Zoom has almost singularly started a revolution in audio recording for productions, especially at concerts and events when you don’t have time to worry about audio levels because you’ve got enough to worry about in the camera department. When I bought the Zoom F6, their 32-bit float six-channel audio recorder, everything changed. It’s solidly built in a metal chassis, has versatile power options, performs well with high-quality pre-amps, and best of all lets you set-and-forget audio levels because of its 32-bit float recording (no peak clipping, no hiss when boosting attenuated sources) onto up to six discrete tracks.
Now I want 32-bit float audio recording in everything, and when RØDE eventually gets into the game (e.g., when their Wireless GO series finally natively records 32-bit float instead of merely upscaling at output), I’m all-in. So with that enthusiasm, when Zoom itself announced its M2, M3 and M4 MicTrak series of products, I ordered without hesitation the one that I estimated would suit my needs best: the M3, which is a camera-mounted stereo shotgun microphone that can record internally in 32-bit float besides also outputting conventionally to a camera’s stereo microphone input.
You can see it here mounted on top of my Sony FX30, a great pairing in scale and application. From the top view, you can see a three-position stereo mode selector: besides choosing OFF to maximize hypercardioid directionality in monaural sound, you can choose 90° for a narrow stereo image, or 180° for an expansive stereo image. Even better, this in-the-field decision can also be decided later using Zoom’s proprietary desktop computer software that lets you select between combinations of multiple tracks recorded onto the inserted micro-SD card in 32-bit float multichannel format. You’ll see that besides a power button, there’s also a high-pass filter (cuts lowest frequencies such as rumbles as some wind noise), as well as a red button to start/stop recording, and a playback control to start/stop only the most recent clip recorded.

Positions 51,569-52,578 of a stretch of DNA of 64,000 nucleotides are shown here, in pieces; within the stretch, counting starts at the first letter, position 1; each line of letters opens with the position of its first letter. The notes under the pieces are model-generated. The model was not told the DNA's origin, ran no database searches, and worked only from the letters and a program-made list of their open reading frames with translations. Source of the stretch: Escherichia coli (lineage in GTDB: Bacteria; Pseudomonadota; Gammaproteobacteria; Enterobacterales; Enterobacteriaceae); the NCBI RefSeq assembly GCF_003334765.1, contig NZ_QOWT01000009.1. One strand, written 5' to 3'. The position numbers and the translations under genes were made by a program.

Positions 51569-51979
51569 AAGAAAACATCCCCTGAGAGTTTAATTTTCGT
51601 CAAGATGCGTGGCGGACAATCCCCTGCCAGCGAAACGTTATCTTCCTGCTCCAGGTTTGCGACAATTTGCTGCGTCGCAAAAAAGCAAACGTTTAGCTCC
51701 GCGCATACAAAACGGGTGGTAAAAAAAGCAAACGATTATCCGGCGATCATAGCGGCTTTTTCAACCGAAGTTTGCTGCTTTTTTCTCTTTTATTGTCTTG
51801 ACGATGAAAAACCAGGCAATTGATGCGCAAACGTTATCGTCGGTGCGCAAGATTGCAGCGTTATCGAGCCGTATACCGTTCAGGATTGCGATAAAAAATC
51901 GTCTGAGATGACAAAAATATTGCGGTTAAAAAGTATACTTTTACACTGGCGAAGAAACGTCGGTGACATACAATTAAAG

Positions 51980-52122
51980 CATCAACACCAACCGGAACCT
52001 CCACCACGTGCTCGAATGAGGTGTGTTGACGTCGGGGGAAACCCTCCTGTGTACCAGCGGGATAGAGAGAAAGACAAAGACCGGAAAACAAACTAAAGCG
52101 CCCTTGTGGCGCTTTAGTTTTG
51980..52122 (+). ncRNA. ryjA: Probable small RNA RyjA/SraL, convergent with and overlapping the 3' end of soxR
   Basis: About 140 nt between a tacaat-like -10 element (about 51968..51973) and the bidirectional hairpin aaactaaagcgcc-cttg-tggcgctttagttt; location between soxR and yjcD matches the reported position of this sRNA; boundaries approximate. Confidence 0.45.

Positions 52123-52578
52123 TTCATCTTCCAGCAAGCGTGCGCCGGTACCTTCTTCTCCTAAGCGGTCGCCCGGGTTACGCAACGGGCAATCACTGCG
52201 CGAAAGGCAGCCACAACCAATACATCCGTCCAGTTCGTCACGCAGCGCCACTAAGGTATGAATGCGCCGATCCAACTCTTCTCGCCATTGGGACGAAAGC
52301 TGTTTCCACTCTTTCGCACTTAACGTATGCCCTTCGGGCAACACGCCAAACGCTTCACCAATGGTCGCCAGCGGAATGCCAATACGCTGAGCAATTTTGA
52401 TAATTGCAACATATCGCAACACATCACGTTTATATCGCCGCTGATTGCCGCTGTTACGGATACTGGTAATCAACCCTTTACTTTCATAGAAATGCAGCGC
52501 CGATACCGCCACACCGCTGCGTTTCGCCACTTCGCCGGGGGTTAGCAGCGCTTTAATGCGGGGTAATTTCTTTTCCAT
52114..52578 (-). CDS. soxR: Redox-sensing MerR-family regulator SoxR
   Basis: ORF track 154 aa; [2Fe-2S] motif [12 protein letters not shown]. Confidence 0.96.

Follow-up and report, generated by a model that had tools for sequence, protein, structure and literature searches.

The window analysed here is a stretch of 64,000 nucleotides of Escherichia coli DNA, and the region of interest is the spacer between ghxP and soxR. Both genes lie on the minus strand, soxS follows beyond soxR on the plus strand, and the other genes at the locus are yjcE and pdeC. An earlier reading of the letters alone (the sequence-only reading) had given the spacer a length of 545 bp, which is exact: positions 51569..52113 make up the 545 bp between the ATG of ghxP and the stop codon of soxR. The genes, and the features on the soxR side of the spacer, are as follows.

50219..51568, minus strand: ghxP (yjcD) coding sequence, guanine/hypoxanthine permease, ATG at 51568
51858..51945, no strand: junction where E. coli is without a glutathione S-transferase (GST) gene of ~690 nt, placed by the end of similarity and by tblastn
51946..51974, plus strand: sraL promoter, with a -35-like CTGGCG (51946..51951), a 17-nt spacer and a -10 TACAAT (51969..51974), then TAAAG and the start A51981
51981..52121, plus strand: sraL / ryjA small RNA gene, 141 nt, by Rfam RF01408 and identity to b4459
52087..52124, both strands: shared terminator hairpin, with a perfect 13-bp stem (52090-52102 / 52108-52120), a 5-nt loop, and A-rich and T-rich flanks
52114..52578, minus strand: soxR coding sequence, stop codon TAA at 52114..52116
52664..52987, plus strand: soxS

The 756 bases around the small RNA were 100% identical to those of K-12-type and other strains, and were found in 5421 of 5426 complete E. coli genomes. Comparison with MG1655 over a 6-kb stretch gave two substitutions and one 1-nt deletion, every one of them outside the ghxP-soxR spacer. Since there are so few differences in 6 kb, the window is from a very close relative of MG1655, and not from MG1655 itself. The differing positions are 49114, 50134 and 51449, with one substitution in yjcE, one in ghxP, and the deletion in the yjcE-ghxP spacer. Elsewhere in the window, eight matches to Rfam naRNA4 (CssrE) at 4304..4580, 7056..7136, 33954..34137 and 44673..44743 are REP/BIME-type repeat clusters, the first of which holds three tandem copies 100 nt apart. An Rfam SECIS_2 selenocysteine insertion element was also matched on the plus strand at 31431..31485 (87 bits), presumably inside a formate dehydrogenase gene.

On one side of the M3, you can see a 1/8″ stereo headphone jack, with an associated volume rocker, and on the other side, there’s an 1/8″ stereo output for the included coiled cable to plug into your camera’s 1/8″ stereo microphone input, if you want to record the microphone’s pickup into your camera’s video recording. Ironically, even if that quality would improve upon any camera’s internal microphones, I actually choose to leave the M3 unplugged, forcing the camera to record audio using its internal microphones as a foolproof scratch audio backup, ensuring something to sync with. After all, the differentiating point of this product is to record better, 32-bit float audio onto a micro-SD card inside the microphone, and that will later need to sync with (but also replace) lower-quality audio from somewhere. If something goes wrong with that coiled cable connection running in parallel from the same source (such as settings buried deep in cryptic camera menus), better to have something to sync to, than nothing at all. Note that there’s also a USB-C port: you can offload files from the micro-SD card this way (slower than a card reader), but it also accepts a power source for longer recording time (beyond an already generous 12 hours from a pair of AA alkalines).
The Zoom M3 comes with a just-alright typical foam windscreen, but you can buy a deadcat already designed for, e.g., the RØDE VideoMic NTG, that will fight hardest against severe wind. Overall, the product seemed like another winner to me, until…